Among these men was James Madison, the Princeton-educated Virginian who takes his place in the Pantheon of American statesmen as the “Father of the Constitution.” His contribution to the doctrines of religious freedom which sit so firmly entrenched in our laws and our political consciences may be seen most clearly in his “Memorial and Remonstrance Against Religious Assessments,” written to the Virginia General Assembly in 1785. In that year, the legislature of the Commonwealth had taken up a bill concerning the granting of tax monies to the support of teachers of religion. Madison “remonstrates” against this bill, which he holds to be an usurpation of the rights of the citizens of the Commonwealth, and while a number of the arguments he takes up in this letter are specifically targeted to the character of the bill, his philosophy regarding the matter of Church-State relations in general is quite evident in most of his arguments. Chiefly, he argues that religious faith ought not to be prevailed violently or forcefully upon men, and that it ought to be arrived at through use of rational faculties and conviction. He states that the religion of every man must be left to his own discretion; that the dictates of conscience are to be the arbiter of religious faith for each individual[1]. He goes on to underline that religion ought to be exempt from the authority of society at large and that of the civil government[2], and that the government ought not to interfere with what he calls a natural right of man to practice whichever religion his conscience dictates to him to be true and right[3]. Madison then turns to an accusatory and suspicious tone, saying that entanglements of religion and the state have only led to a denigration of the purity of the Christian religion, of the lessening of sanctity of the clergy due to their being given over to pride, of the ignorance of the laymen, and of “superstition, bigotry, and persecution.[4]” He goes on to state that these entanglements of Church and State have led to hardships and bloodshed brought on by the State’s attempts to remedy the discord between the various sects of Christianity. The American way of “equal and compleat liberty,” Madison asserts, prevents such discord within society[5].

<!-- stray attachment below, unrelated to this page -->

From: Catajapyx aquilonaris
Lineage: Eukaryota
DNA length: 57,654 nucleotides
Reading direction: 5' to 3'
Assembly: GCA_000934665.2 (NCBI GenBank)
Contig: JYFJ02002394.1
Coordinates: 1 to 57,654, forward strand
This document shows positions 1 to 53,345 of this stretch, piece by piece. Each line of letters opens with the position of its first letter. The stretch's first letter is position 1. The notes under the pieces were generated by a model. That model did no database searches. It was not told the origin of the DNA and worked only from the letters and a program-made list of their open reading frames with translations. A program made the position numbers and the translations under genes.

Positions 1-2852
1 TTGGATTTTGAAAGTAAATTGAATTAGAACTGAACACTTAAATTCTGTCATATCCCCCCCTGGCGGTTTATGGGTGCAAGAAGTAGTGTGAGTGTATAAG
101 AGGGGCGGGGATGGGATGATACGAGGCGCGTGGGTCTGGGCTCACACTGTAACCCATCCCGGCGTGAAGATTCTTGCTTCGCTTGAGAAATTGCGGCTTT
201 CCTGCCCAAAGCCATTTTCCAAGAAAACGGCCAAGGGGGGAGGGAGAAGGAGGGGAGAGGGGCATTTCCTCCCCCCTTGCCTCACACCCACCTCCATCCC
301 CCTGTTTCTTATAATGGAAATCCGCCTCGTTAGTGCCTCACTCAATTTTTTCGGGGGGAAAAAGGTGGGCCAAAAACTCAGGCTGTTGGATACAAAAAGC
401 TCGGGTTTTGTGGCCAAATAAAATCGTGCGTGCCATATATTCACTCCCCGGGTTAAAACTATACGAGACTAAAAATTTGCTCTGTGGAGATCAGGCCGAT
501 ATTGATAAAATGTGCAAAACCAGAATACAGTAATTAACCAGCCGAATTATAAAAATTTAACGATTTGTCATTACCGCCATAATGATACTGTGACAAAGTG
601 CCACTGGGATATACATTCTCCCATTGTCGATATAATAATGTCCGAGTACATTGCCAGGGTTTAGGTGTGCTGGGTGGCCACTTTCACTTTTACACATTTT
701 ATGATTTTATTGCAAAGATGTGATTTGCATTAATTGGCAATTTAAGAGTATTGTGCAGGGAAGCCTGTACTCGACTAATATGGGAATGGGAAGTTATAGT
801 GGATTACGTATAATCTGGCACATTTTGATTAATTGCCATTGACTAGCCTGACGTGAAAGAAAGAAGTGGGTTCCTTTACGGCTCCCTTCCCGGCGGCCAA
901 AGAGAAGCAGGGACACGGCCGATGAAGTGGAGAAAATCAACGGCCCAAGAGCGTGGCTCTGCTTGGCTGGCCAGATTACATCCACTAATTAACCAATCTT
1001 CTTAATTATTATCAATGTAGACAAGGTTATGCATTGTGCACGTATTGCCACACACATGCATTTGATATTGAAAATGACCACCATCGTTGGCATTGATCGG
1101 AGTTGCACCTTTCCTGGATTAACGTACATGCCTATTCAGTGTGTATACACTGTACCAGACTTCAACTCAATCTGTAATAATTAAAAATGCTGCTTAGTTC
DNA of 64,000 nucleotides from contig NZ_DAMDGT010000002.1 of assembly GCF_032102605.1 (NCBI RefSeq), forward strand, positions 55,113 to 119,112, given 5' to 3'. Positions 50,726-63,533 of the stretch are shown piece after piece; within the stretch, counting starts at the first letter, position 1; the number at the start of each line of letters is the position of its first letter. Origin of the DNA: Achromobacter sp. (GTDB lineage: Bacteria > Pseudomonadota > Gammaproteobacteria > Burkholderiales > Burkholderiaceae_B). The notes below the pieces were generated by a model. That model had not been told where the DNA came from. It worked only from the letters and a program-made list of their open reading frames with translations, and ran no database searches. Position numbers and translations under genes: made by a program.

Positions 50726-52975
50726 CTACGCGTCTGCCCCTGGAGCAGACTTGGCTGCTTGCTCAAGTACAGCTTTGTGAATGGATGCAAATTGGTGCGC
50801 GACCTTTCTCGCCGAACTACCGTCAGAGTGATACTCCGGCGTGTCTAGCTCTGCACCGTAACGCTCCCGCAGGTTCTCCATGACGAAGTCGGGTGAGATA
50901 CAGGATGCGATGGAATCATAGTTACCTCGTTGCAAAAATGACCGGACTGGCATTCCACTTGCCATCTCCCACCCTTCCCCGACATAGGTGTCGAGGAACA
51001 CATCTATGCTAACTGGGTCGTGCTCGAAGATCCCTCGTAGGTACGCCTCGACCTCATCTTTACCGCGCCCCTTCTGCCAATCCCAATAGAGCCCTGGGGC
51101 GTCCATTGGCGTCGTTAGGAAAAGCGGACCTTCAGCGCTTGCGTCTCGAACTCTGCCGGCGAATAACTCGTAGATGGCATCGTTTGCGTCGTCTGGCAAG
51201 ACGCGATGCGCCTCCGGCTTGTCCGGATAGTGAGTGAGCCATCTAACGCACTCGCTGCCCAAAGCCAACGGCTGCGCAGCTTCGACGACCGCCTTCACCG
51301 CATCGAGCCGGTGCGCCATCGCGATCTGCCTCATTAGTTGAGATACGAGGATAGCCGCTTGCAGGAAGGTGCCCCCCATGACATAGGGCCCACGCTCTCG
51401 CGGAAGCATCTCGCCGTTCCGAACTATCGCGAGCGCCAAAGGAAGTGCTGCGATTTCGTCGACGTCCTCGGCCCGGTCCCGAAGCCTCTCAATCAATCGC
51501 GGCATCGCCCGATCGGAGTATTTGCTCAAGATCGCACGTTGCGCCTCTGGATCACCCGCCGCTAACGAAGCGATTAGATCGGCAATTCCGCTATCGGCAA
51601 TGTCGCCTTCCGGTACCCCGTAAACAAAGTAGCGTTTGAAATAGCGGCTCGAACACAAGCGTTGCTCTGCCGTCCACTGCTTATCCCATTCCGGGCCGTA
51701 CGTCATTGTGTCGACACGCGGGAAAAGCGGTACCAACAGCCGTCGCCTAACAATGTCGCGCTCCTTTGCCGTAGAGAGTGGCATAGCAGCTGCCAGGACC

Such thoughts are, to the modern American mind, merely the way things work and have worked. However, it is apparent from a simple reading of Madison’s letter that his case is made with some less-than-grievous flaws which, once exposed to the light of a higher truth than that of mere human wisdom, are exposed as fundamental errors in the judgment of the workings of society—and especially in relation to the Creator and whichever duty must be paid Him.